By Saul Klein Print Article
Real estate sales are a business. REALTORS®, like all business owners, must establish a clear vision and then plan the step-by-step method of how to achieve that vision. A vision is like a target. It’s where you want to be, what you want your business to look like when the business hits “full stride.” It might seem like a moving target at times, but flexibility is another key to success, so roll with the punches. Changes often turn out to be opportunities in disguise.
Without a vision, your business will flounder. If you have employees, they will lack adequate information that will keep them from doing the best job they can for you and your business.
Think of it this way: If you were asked to put together a 1,000-piece jigsaw puzzle, would you not want to look at the box cover with the picture of the completed puzzle before you begin? And would you then continue to look at the cover with the picture of the completed puzzle throughout the entire puzzle-building process? Imagine how difficult it would be to build the puzzle without knowing what it’s supposed to look like when it’s completed. Your future is no different. It is difficult to achieve a future of your own design if you don’t take the time to first create the vision. This concept is not lost on major corporations, which typically have a mission statement and a vision statement.
To establish a vision, imagine it is the day you retire from the real estate industry. If I was to hand you a pen and a blank piece of paper and ask you to write down all of your major accomplishments during your career, what would you like to be able to write on that piece of paper? These items can be termed key performance indicators (KPIs) for a successful real estate career, as measured by you.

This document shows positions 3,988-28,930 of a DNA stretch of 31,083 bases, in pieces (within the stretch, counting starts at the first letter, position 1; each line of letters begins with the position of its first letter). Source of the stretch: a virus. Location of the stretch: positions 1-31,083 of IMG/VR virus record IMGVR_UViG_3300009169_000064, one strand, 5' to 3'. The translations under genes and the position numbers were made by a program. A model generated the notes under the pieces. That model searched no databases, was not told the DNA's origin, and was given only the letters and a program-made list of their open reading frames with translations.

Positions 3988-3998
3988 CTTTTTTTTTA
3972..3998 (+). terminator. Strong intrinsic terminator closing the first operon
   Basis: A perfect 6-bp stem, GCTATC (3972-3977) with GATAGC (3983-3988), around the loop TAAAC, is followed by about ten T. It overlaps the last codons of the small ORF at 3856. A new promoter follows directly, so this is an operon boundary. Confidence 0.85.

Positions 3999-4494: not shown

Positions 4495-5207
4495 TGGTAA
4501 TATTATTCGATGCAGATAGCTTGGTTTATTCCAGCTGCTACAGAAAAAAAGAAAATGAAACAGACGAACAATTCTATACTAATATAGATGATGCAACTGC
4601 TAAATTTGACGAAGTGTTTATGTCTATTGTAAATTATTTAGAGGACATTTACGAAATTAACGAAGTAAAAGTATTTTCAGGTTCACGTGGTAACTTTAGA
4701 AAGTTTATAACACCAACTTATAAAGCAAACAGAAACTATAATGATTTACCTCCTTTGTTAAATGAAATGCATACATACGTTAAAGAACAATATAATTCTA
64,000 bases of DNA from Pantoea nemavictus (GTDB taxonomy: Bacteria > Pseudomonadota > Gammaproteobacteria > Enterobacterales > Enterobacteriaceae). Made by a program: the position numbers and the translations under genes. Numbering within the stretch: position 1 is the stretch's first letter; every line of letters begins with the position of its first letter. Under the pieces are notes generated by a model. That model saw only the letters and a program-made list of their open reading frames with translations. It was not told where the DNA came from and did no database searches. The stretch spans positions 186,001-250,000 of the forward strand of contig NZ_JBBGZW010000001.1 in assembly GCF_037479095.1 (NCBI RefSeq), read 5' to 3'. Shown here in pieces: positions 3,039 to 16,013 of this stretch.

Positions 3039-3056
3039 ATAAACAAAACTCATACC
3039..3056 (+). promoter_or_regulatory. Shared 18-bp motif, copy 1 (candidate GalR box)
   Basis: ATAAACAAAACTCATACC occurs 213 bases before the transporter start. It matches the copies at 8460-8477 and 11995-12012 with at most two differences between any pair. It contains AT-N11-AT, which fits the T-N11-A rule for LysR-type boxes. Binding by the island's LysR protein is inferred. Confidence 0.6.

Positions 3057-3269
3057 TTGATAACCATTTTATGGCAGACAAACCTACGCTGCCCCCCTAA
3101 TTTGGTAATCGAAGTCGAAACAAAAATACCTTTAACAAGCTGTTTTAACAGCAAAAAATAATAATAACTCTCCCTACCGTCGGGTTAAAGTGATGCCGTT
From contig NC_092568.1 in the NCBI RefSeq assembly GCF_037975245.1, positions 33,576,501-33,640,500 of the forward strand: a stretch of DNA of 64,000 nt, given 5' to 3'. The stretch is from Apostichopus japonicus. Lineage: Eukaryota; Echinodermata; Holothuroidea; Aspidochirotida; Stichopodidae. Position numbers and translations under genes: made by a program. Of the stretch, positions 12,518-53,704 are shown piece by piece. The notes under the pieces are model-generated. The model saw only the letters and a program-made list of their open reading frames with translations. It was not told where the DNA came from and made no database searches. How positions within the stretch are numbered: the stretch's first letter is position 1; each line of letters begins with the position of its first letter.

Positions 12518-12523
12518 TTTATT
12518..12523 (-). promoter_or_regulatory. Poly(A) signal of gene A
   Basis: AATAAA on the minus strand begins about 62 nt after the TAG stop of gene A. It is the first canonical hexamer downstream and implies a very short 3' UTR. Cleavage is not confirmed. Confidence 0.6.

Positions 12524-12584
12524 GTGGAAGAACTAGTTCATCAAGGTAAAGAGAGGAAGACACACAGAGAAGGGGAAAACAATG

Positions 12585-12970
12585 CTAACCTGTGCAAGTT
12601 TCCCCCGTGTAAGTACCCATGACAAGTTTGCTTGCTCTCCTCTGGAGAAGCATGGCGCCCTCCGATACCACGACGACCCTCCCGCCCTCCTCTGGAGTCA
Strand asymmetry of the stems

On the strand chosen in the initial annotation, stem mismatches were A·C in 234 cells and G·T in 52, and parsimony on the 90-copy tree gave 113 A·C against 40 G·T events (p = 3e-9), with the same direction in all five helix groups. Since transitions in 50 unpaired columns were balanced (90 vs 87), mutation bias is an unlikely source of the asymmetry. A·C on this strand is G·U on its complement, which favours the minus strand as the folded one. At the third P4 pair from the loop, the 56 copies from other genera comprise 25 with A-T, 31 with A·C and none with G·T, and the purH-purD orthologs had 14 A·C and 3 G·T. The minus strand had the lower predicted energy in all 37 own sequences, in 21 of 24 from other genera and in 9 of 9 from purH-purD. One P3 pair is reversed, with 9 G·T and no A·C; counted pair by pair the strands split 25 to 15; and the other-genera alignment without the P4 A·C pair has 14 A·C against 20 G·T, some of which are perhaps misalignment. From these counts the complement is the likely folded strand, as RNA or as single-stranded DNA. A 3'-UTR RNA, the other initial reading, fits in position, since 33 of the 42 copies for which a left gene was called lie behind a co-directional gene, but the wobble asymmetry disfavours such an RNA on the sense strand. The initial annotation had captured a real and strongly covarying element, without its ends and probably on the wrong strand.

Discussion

• What you accomplished for and in your community
• What you accomplished for and with your family
• How much you put in your bank account and in your retirement plan
• What you accomplished for your association of REALTORS®, the offices you held and volunteer work you did
• How many listings you took and closed
• How many buyer-side transactions you closed
• How many generations of clients you successfully worked with
Likewise, you should have key performance indicators for a successful day’s work. Contact with people creates opportunity. Said another way, contacts create contracts.
• Number of engagements with current transaction customers
• In-person meetings
• Phone calls
• Number of engagements with past customers
• Number of engagements with prospects
• Number of engagements with human beings
With a vision, you can begin to create your business plan. Just make sure your plan centers around engagement.
To paraphrase Cheshire Cat: “If you don’t know where you are going, any road will take you there.”
Saul Klein is senior vice president for Point2.
For more information, visit www.point2.com.
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